DAVID KOLLAR – Where Are They​.​.​.​? And Other Stories

Blue Lizard 2023

Where Are They​.​.​.​?
And Other Stories

Purveyor of mind-boggling soundscapes streams his consciousness down memory lane.

Given David Kollar’s work rate, one would assume any new album might come easily to him, yet what follows in the wake of 2022’s "The Vision Man" – the Slovakian composer’s last solo opus – had a laborious genesis, not in the least because this record feels like a labor of love, and a very personal process at that, a lament for relatives who left our mortal coil. However, the inherent sadness of music written in remembrance of departed family members does not get to be more understatedly grandiose than it is here and so full of inner light which will make the six pieces on display seem emotionally luxuriant, if impressionistic in nature. Based around two expansive, texture-rich tapestries, the guitarist’s melodic analysis of his own microcosm, with Kollar exploring gloomy aspects of existence in search of new hope, never fails to stun the listener.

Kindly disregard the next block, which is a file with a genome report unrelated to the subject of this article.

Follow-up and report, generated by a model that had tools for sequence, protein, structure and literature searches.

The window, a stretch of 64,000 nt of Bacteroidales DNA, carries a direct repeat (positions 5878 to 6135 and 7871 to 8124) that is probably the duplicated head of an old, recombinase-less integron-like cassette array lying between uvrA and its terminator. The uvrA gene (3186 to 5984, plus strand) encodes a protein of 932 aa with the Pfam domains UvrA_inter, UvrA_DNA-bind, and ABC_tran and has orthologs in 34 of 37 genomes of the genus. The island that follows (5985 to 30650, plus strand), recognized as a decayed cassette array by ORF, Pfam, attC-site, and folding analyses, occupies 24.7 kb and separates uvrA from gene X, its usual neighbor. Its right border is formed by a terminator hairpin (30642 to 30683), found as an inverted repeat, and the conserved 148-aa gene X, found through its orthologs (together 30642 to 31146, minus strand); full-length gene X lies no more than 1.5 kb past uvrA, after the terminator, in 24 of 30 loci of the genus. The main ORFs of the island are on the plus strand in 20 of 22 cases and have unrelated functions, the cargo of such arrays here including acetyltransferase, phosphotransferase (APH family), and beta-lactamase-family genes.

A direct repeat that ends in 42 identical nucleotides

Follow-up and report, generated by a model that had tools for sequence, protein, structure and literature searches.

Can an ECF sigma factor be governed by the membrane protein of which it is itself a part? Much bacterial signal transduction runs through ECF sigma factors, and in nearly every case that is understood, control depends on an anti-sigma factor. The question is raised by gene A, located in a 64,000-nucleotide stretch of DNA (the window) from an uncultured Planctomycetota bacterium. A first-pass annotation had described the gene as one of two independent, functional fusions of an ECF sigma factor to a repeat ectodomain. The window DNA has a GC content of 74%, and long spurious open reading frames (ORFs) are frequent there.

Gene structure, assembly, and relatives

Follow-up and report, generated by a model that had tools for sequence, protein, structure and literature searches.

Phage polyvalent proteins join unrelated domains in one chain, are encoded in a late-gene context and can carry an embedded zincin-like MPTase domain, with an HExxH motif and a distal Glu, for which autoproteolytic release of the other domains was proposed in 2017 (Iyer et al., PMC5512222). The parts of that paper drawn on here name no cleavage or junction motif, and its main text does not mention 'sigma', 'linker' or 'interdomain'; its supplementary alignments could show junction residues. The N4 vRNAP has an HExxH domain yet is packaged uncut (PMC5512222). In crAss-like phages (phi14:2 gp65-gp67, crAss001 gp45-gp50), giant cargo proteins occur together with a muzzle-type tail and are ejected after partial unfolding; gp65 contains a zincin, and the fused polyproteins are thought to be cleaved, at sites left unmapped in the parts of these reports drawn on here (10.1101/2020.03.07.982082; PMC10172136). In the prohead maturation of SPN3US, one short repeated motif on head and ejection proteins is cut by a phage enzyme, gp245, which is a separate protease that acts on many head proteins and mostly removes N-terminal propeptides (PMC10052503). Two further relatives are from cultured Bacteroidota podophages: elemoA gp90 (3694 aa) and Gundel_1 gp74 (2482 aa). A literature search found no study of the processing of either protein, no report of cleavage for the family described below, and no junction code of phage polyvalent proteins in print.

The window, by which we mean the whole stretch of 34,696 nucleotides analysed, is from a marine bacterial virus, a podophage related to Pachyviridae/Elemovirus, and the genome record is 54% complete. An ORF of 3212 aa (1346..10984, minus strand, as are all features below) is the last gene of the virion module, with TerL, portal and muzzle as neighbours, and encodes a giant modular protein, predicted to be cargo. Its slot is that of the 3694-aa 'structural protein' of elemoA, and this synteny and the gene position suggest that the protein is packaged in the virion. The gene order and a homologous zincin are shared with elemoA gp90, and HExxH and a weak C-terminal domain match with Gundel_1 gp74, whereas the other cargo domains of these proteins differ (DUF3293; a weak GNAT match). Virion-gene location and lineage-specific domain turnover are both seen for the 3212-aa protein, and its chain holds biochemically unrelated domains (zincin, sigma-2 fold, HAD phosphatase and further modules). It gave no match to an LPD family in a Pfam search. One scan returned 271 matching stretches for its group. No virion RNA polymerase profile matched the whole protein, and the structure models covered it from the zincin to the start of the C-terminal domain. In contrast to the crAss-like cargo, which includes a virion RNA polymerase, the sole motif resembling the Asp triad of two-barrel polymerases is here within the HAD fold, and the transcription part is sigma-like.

David doesn’t hold back on unsealing his sentimental seam, opening the platter with the stereo-busting sonic spectacle of the album’s titular epic whose powerful waves overwhelm those lending their ears to this dynamic wonder which takes almost a half of the record’s run – except, there’s no running in such a slow layering of faux-orchestral tracts of scintillating and stygian matter – and hosts despondent spoken-word passages and piano splashes to tie it all to percussively crystalline, rarefied and ruminative space, an aural cathedral of sorts. Seeking closure from grief and gracing the latitudes with blistering guitar filigree, the Prague denizen may avoid conflict of moods, but since the next four numbers are titled after different medicines, his handling of sorrow is as touching as the robust, and increasingly abstract, dewdrops of “Mirzaten” suggest before “Tiapridal” introduces nervous scratch to the ambient palette. And while “Neurol” dissolves anxiety in a sparse, yet tune-sketching, six-string twang, “Rhytmonorm” allows Kollar’s ivories to jive in a stumbling jazz manner, setting the scene for “Requiem For Uncle”: a tentatively triumphant, in a new-age way, echo of the album’s opener.

It’s a cathartic experience – a successful attempt at self-healing that everyone can relate to.


December 1, 2023

Category(s): Reviews
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